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Women’s Health in BC: What is the Gender Gap?

Did you know that there is a gender gap in health care? This means that men and women do not always have the same access to healthcare services. Unfortunately, women often face more barriers to getting the care they need than men do. The Gender Pain Gap specifically, refers to the bias against women as it relates to pain treatment. In the landmark study called “The Girl Who Cried Pain”, researchers found that women often experience dismissal of their health concerns contributing to misdiagnosis, delayed treatment, neglect, and incorrect medicine dosages (Hoffman & Tarzian, 2001).

The gender gap in healthcare is a complex issue that requires a comprehensive approach to address the underlying factors that contribute to it. In a survey conducted by the British Columbia Women’s Health Foundation in 2019, almost 1/3 of women did not feel their needs were being treated effectively by the healthcare system and women with chronic conditions were 1.4 times more likely to report unmet healthcare needs. The disparities in access to care, quality of care, and outcomes for women in BC highlight the need for action to ensure that all individuals receive the care they need to achieve and maintain good health.

What contributes to the Gender Gap?

One of the primary factors that contribute to the gender gap in healthcare is the presence of stereotypes and biases among healthcare providers. These biases can lead to differences in the diagnosis, treatment, and management of health conditions for men and women. For example, 70% of patients with “medically unexplained symptoms” are women, and these symptoms are frequently and incorrectly linked to a psychological origin (Dusenbury, 2017). In these circumstances, women are often told that their symptoms are due to anxiety or stress rather than a physical condition. Imagine experiencing real pain and then, on top of your suffering, having to constantly advocate for yourself to be believed.

How can we close the Gender Gap?

1. Improving the availability and accessibility of women’s healthcare services

This can include increasing the number of primary care providers who are trained in women’s health, as well as increasing the availability of specialized services such as gynecological care and mental health support. According to the Women’s College Hospital Foundation, the prevalence of mental health issues during the reproductive life stages (such as menstrual cycle, pregnancy, postpartum, and menopause) adds to the complexity of care and treatment for individuals with vulvas. Yet most mental health research and therapy is based on a heteronormative and Eurocentric male experience. By ensuring that women have access to comprehensive and appropriate healthcare services, we can help prevent and manage health conditions and improve outcomes for women.

2. Increasing the representation of women in leadership positions

Another important factor is the underrepresentation of women in leadership roles in the healthcare industry. Increasing representation in leadership positions could help ensure that women’s healthcare needs are better understood and addressed in decision-making processes. Having women in these positions to support other women can help with better understanding the needs and filling this gap.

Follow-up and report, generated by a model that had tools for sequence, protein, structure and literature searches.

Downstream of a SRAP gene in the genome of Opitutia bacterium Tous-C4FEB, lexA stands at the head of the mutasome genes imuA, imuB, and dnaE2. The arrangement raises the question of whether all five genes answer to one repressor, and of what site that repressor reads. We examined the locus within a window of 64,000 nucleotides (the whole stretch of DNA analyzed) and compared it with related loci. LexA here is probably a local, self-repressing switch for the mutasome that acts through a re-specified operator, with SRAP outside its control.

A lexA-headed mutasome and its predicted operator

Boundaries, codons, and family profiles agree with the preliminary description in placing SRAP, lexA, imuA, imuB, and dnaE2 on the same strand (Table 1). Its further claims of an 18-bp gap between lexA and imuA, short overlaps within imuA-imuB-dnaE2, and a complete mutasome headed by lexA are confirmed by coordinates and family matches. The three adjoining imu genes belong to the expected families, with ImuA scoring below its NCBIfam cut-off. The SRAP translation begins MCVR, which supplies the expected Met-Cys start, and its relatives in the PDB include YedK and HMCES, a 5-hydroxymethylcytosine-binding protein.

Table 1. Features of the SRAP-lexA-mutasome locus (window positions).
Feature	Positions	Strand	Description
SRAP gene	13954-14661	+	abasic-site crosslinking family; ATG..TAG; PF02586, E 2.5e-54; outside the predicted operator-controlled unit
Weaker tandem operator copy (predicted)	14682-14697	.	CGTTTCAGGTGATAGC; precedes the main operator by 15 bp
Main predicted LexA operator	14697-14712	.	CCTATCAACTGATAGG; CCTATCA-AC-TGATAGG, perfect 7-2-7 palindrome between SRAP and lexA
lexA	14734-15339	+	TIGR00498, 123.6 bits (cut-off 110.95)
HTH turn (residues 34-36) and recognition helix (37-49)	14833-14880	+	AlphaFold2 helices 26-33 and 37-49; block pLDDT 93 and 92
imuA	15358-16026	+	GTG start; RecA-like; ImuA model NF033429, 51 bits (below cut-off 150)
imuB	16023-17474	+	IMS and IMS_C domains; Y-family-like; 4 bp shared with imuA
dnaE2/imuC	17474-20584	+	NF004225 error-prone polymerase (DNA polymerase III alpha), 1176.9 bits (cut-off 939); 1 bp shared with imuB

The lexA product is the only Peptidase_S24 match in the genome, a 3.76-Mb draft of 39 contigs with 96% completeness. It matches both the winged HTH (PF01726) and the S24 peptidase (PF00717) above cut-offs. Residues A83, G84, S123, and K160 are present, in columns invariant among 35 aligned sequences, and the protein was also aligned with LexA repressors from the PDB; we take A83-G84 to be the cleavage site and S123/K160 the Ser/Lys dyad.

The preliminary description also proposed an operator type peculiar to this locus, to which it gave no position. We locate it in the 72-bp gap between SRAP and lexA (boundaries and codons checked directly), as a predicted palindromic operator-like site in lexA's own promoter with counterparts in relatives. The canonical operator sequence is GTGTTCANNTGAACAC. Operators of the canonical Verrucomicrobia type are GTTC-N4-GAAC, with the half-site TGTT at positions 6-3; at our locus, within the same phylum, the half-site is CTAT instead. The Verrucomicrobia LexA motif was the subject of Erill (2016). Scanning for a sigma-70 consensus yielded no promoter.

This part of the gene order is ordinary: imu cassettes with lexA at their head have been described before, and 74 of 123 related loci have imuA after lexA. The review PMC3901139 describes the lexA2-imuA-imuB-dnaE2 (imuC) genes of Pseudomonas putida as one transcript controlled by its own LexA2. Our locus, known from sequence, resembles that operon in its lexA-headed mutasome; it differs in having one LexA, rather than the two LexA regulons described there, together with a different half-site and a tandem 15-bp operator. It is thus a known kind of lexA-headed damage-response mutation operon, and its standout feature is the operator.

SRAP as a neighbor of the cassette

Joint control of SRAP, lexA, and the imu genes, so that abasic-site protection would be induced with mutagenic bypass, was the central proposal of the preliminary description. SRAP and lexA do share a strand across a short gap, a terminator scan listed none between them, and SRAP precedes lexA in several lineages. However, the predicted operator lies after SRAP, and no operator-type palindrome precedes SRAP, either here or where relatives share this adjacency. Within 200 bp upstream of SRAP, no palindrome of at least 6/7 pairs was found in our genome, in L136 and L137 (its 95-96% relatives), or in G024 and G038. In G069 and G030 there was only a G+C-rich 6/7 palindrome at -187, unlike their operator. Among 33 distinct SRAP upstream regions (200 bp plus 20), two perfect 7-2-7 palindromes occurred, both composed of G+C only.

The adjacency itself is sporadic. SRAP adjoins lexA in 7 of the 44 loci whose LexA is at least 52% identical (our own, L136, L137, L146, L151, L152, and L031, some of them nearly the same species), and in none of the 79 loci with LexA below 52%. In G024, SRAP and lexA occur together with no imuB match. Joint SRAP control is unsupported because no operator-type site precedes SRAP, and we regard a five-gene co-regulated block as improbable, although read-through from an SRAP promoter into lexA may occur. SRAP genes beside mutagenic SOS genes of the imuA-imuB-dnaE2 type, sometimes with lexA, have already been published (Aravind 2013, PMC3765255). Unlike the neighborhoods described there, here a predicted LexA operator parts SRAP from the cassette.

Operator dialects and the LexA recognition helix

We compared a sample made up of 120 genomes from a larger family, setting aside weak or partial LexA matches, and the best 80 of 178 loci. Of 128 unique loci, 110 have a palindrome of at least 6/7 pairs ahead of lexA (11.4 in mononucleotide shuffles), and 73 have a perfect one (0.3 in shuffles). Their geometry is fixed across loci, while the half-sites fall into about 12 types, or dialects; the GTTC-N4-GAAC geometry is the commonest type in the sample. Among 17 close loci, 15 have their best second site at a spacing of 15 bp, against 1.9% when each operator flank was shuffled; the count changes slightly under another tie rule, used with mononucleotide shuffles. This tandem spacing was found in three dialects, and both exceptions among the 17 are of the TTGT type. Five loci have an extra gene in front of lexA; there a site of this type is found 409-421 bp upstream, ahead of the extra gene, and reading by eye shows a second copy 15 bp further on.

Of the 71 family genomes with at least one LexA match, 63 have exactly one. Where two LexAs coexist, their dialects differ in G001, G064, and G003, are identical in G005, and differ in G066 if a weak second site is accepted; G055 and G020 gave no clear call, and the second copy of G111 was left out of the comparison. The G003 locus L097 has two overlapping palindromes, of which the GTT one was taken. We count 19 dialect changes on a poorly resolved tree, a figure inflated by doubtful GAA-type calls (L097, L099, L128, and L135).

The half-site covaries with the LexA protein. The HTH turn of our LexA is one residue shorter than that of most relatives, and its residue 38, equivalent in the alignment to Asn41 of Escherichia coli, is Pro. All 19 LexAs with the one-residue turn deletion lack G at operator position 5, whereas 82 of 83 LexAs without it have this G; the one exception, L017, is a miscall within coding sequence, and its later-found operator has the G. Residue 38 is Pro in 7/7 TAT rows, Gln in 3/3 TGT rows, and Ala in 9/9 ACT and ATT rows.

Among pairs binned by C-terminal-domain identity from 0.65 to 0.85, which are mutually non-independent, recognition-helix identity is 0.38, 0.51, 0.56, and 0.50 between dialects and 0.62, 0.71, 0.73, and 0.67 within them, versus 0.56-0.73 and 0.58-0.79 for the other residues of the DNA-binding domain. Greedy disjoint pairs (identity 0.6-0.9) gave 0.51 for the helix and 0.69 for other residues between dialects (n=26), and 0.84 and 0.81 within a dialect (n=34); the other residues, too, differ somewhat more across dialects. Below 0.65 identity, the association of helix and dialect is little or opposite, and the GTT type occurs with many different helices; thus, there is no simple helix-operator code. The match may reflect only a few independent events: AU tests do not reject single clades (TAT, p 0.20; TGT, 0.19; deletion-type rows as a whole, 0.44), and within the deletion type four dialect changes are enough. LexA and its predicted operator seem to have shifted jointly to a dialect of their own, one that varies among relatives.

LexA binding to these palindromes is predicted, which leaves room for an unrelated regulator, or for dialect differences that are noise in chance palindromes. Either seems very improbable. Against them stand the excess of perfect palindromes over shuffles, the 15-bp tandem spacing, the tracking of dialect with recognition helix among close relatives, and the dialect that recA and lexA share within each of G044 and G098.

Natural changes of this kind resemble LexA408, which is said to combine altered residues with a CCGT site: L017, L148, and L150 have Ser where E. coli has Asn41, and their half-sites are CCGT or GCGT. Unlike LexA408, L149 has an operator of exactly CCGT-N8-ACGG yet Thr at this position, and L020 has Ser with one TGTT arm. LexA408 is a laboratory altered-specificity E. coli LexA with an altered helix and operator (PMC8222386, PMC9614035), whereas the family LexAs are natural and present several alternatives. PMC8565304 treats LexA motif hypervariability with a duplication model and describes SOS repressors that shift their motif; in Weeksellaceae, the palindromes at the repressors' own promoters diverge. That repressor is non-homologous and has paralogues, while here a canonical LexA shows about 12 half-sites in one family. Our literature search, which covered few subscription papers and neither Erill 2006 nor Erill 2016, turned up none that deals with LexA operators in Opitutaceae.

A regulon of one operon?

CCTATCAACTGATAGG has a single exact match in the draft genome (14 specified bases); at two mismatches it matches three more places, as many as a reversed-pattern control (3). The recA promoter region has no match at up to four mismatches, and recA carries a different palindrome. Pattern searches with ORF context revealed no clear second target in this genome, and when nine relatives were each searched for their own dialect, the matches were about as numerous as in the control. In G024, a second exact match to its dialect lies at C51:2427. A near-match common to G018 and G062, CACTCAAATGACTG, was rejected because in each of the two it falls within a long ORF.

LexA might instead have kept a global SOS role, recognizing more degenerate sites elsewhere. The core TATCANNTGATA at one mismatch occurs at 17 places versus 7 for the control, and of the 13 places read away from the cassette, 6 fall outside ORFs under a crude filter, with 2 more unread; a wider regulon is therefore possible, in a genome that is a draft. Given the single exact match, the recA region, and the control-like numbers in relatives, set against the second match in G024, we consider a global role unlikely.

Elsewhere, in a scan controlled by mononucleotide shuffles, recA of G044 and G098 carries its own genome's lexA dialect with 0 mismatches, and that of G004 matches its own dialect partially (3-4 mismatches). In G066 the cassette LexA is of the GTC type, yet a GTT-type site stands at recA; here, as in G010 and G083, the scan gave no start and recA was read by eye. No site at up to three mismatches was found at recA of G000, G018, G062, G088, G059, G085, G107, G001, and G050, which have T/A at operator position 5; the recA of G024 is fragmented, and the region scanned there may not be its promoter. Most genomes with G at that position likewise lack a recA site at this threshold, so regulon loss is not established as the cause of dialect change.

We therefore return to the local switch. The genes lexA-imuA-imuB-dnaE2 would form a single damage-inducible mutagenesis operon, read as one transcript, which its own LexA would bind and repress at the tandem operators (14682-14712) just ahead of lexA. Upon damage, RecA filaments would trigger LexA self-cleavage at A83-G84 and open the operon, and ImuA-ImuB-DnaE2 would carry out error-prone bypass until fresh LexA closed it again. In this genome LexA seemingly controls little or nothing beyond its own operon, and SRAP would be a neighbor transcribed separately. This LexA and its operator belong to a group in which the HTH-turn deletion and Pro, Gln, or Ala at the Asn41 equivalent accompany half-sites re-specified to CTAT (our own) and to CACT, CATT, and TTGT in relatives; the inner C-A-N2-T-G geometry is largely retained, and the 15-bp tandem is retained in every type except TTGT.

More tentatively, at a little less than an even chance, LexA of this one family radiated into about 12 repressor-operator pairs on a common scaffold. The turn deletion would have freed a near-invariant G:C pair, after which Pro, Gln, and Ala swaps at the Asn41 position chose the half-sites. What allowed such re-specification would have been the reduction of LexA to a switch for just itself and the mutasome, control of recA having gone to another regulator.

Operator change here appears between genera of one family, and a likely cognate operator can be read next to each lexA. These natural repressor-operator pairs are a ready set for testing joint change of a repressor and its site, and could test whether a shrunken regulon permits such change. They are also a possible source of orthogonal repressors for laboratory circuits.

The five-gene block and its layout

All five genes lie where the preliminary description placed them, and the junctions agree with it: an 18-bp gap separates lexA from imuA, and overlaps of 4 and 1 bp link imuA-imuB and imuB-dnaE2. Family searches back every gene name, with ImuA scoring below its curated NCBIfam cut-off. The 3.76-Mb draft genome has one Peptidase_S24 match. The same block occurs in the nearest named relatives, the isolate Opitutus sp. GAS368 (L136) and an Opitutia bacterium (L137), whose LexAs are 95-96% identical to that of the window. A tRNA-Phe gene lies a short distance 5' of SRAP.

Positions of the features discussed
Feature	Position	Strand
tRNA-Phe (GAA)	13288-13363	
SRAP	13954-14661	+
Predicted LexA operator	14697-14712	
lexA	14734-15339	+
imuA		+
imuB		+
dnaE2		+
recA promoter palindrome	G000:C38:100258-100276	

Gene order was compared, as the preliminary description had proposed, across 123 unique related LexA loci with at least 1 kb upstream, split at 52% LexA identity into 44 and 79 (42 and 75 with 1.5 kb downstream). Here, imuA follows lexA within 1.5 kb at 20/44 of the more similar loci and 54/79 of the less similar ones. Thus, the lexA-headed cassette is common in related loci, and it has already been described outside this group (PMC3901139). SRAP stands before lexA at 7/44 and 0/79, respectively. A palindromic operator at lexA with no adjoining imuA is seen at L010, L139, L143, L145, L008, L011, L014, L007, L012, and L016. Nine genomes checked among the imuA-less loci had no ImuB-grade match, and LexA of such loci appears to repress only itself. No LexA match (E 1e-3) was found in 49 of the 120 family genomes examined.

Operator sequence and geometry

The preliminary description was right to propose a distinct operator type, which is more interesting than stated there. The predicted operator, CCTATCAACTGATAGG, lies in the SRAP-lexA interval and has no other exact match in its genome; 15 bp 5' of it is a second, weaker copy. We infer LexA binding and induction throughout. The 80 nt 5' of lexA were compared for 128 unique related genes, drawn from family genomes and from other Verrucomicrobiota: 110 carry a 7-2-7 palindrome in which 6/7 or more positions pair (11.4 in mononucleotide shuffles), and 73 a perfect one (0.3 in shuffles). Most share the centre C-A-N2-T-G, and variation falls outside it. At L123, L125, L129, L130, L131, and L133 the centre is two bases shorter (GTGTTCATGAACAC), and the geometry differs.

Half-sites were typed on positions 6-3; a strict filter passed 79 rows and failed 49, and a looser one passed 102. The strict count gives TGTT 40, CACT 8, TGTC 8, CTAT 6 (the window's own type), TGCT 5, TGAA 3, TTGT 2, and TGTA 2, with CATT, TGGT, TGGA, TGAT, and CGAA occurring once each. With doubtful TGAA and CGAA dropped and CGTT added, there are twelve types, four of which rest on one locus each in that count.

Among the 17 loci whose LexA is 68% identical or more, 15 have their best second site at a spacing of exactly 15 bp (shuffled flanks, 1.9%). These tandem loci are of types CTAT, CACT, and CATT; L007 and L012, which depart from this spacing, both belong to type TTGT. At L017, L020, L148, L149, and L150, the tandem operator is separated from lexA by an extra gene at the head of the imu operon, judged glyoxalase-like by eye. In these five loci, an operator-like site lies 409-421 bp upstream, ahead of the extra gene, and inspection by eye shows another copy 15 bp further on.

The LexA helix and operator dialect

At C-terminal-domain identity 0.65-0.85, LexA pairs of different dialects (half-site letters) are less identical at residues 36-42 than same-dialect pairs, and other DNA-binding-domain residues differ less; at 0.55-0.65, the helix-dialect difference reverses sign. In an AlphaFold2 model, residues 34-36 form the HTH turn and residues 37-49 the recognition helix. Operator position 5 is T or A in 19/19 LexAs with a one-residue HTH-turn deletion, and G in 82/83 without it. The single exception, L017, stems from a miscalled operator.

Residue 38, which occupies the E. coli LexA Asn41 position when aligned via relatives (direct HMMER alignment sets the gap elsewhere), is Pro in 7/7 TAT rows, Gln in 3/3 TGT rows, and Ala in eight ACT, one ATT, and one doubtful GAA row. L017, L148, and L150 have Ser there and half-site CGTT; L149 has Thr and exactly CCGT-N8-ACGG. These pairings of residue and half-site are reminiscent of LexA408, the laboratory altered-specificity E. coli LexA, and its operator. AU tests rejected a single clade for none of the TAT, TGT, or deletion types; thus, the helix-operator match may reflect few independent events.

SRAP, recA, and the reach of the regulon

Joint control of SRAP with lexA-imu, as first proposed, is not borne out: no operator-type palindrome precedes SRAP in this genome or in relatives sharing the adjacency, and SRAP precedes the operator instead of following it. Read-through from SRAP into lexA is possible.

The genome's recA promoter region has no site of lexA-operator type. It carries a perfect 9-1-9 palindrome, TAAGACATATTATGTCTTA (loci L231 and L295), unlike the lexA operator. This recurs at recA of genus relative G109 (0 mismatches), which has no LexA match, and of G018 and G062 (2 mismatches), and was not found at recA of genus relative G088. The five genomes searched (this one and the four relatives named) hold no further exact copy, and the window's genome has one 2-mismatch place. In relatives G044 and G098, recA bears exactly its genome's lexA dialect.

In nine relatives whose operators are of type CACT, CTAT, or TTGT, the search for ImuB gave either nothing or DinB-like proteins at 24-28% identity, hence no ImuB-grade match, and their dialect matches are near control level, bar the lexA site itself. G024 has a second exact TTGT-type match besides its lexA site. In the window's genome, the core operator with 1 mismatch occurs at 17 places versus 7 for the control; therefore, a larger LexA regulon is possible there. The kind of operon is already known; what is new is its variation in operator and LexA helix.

3. Engaging in community outreach & education

Finally, engaging in community outreach and education can help to increase awareness and understanding of the importance of preventive care and early treatment. Programs that educate women about their healthcare needs and options, as well as the resources available to them, can help to reduce barriers to care and improve health outcomes.

Women, trans, and non-binary individuals often face more barriers to getting the care they need than men do. The gender gap in healthcare is a complex issue that requires a comprehensive approach to address the underlying factors that contribute to it. We need to address the underlying causes of these disparities. This could mean increasing the number of women in leadership roles, implementing training for healthcare providers to recognize their biases, and developing policies to make healthcare more accessible for women. We also need to improve the availability of women’s health services and make sure that women know about the resources available to them.

How is CAYA Health Centre addressing the Gender Gap?

CAYA Health Centre is a women-owned health clinic in Vancouver, British Columbia. We prioritize training for our practitioners in the areas of women’s health, gender-affirming care, and trauma-informed practice. We work in collaboration to try and reduce barriers and communicate with our team to provide the best services to our clients. Part of our vision is also offering accessible community workshops on topics related to healthcare for women, trans, and non-binary individuals. If you or your organization would like to learn more, please contact us! We hope to work together to close the gender gap in healthcare and strive for equal access to care for everyone.

Interested in learning more?


British Columbia Women’s Health Foundation (2019), In Her Words: Women’s Experience with Healthcare System in British Columbia.

Hoffmann, D. E., & Tarzian, A. J. (2001). The girl who cried pain: a bias against women in the treatment of pain. The Journal of Law, Medicine & Ethics, 28, 13-27.

Maya Dusenbury (2017) Doing Harm: The Truth About How Bad Medicine and Lazy Science Leave Women Dismissed, Misdiagnosed, and Sick. https://www.bbc.com/future/story/20180523-how-gender-bias-affects-your-healthcare?ocid=global_future_rss

Women’s College Hospital Foundation, The Health Gap facts. Available at https://thehealthgap.ca/